Chris Saah: Tell us a little about some of the systems you’ve deployed in the building.
Sandy Jacolow: Tower is LEED certified and very sustainable, but also has some interesting aspects that create technology challenges. It is a column free building that’s almost a thousand feet tall. The building core was designed to allow for very dense occupancy, which is great for our tenants. As part of the infrastructure, we had to deploy three different wireless networks in the building: a first responders system in case of emergency, a DAS system, and WiFi. Because of the thickness of the core we had to deploy a larger number of access points strategically placed because the signal simply could not penetrate the core, which was obviously constructed to withstand practically anything. It’s an interesting case study in how construction affects technology. We also had to account for extending the Wi-Fi beyond the building to a campus Wi-Fi network that will blanket the World Trade Center area from Fulton Street to the West End. Once complete, and in conjunction with the Downtown Alliance, Tribeca’s public Wi-Fi access could be a model for many cities.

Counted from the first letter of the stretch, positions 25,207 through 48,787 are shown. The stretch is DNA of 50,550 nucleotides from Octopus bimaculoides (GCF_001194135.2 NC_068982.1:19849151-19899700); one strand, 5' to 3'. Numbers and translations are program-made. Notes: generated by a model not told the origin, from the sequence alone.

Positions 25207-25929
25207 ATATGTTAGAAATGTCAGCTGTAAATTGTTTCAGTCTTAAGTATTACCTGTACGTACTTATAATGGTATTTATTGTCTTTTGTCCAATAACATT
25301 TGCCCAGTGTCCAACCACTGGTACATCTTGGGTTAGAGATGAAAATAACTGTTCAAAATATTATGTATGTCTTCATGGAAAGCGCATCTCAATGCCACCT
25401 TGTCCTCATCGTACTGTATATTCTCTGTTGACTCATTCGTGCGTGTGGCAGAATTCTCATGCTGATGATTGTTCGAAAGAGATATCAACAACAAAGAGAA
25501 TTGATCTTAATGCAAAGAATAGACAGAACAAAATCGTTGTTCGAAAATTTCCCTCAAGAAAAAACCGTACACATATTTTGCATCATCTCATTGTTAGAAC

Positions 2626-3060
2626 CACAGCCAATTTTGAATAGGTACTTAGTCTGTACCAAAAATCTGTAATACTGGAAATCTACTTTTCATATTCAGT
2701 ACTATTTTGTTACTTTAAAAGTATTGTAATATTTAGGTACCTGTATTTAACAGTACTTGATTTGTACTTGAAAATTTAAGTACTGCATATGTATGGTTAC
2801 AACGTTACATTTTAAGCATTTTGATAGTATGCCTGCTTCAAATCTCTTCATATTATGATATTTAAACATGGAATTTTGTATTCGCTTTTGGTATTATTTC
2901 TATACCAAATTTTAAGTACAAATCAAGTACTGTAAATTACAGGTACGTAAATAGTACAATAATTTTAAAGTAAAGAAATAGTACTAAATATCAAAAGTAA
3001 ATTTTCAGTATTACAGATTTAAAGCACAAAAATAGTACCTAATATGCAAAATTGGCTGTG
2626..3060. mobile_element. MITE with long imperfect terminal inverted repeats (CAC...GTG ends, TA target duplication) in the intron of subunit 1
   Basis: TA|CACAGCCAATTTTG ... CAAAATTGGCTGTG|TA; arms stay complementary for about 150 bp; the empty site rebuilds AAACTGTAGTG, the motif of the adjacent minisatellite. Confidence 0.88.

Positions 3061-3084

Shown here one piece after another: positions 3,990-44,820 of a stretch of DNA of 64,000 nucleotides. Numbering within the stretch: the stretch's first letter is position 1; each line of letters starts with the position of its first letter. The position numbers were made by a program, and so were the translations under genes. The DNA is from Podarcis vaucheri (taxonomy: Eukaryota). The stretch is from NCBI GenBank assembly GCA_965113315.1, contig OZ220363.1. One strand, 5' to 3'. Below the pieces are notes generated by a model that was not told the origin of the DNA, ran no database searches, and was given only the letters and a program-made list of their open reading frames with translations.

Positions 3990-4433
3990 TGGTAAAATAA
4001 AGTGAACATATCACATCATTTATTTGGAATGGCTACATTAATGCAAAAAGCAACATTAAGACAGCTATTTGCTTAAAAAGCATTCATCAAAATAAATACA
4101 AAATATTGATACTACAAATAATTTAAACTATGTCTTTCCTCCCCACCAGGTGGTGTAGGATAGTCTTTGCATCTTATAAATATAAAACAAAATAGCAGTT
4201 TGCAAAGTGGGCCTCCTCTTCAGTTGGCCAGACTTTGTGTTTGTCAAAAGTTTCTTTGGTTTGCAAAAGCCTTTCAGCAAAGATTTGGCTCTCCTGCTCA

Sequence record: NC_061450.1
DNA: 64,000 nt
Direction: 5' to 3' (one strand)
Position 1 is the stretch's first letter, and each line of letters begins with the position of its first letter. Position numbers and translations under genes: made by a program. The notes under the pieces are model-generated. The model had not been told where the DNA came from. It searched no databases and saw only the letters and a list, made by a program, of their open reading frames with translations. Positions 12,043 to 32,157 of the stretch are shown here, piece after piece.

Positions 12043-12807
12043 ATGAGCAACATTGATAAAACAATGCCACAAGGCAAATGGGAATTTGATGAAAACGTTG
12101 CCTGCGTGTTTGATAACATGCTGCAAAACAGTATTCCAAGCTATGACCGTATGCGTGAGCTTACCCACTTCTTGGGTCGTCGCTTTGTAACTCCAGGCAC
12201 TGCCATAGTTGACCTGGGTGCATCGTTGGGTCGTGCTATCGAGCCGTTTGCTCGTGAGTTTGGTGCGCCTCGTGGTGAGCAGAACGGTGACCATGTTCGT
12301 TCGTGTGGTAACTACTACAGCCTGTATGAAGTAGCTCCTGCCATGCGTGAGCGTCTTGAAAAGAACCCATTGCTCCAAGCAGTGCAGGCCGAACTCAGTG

Chris Saah: For those who are not familiar with the term, DAS stands for Distributed Antenna System.
Sandy Jacolow: Correct. It is basically a combination of micro cells and antennas. It’s a neutral host system, so all of the cellular carriers can come in, pay a fee, and integrate with the infrastructure system so whether you are in the lobby, your space on the floor, in an elevator, or stairwells, you will be able to make a call. The ability to call from the stairwells is not only a convenience, but as we have learned from history, a necessity in times of disaster.
Chris Saah: Well, you must have had some great business partnerships to get that done.